27th Jun2017

‘Deadpool #32’ & ‘Generation X #3’ Review

by Dan Clark

Deadpool #32


Written by Gerry Duggan | Art by Matteo Lolli | Published by Marvel Comics

Who would have thought the character that would benefit the most from Secret Empire would be the merc with a mouth Deadpool? After the last issue, Gerry Duggan showed that Wade Wilson was more than random reference humor and breaking the fourth wall. When the time is right he can actually give us a story with some feeling behind it.

Now with Hydra in full America take over mode Deadpool has found himself still on the side of his hero Captain America Steve Rogers, although he is having his doubts. This is demonstrated in his unwillingness to spout out Hydra’s most infamous rallying cry. Rogers has slated Deadpool as the man to take out those who have failed to fall in line. This time his focus is on everyone’s favorite New Warrior, Speedball.

Last time Gerry Duggan limited the humor and gave us a more somber issue. Here much of that humor returns, but it is as effective as ever. Speedball and Deadpool’s little skirmish does not last long but is effective in providing some key laughs. Duggan does not fully forget what happen with Agent Coulson as it still weighs on Deadpool in a way that fits the character. Add to that the difficult his daughter is having in school and you have a Deadpool in major conflict with himself. We are getting a story that is more than Deadpool having fun shooting heroes. We are quickly finding out there are even lines a mercenary won’t cross.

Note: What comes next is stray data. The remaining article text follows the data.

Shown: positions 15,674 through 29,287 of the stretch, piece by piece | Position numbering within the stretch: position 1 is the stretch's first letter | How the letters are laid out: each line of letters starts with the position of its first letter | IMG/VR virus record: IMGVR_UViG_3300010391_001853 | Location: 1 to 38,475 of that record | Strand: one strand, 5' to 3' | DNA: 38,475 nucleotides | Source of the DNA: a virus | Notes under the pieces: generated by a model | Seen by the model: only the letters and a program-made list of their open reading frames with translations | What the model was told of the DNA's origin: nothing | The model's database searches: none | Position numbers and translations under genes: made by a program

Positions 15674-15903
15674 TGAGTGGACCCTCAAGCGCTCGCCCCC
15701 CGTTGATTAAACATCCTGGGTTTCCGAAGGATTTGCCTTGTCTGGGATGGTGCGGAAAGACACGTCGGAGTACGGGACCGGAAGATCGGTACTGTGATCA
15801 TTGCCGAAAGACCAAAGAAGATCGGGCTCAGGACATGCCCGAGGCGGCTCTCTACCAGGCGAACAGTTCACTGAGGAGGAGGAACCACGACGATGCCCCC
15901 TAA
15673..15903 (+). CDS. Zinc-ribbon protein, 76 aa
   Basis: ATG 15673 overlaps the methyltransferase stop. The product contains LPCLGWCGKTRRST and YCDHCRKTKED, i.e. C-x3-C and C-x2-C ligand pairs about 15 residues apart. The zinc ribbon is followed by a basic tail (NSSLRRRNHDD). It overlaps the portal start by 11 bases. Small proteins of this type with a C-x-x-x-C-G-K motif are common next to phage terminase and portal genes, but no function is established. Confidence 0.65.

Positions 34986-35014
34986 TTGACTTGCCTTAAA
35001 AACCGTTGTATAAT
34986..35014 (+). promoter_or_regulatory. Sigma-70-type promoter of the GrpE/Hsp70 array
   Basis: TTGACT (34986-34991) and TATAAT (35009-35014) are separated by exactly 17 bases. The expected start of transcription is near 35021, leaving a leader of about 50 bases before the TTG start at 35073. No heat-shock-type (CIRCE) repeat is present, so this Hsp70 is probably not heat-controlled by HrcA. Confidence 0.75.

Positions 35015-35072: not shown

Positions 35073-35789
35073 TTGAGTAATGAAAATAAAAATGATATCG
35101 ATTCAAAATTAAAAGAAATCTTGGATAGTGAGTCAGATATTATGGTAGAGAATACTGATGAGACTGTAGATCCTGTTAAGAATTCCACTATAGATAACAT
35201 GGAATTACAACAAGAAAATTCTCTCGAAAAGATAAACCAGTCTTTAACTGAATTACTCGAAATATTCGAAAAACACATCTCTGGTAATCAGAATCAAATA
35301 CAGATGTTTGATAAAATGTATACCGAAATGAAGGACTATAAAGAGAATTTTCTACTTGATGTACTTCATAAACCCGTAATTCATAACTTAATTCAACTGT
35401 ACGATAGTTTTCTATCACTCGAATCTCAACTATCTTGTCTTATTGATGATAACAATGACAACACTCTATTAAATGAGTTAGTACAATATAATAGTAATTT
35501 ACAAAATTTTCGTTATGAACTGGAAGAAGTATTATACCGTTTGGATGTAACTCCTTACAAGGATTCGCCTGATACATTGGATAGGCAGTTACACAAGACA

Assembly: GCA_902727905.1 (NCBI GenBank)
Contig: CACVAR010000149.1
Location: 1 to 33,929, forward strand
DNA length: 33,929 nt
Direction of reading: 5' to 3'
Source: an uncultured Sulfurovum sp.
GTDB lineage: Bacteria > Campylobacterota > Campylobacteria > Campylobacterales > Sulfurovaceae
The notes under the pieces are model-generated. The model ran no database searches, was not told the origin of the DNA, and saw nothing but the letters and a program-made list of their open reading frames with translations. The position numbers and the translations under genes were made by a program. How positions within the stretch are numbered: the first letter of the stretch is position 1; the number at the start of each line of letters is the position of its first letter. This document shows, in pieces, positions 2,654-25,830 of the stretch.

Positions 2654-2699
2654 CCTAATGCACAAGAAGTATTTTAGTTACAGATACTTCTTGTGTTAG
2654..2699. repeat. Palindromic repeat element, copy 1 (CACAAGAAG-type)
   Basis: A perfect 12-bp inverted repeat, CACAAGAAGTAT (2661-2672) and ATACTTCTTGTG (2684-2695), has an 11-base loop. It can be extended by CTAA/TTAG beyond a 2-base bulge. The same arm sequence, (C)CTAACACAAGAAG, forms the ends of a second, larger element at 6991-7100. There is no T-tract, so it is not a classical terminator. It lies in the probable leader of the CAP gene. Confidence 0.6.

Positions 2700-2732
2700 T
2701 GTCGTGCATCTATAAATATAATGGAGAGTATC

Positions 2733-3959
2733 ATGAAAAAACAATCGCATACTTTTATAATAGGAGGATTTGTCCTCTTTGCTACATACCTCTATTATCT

**** 4/5

Generation X #3


Written by Christina Strain | Art by Amilcar Pinna | Published by Marvel Comics

As the X-Men are making a triumphant resurgence in the world of Marvel, Generation X remains a series that is still trying to find itself. Christina Strain is finding a voice for many of his characters, but that voice is so unlikeable this book becomes hard to read. It is one thing to leave space open for growth it is another to design a group of characters that are at times utterly insufferable.

Not helping matters is Amilcar Pinna’s art that is both sloppy and just plain ugly. The way he renders faces makes nearly everyone look distorted and misshapen. When action does occur it lacks fluidity and excitement. This book is not a total loss as this unique group of characters could produce a good story. We get a small glimpse when a faceless mutant is attacked and a key student has to determine if it is the right place and time to actually use his powers. Those are the type of stories that can and have worked for a series like this, but without better characters and sharper art, I do not see this part of the resurrection lasting much longer.

*½  1.5/5


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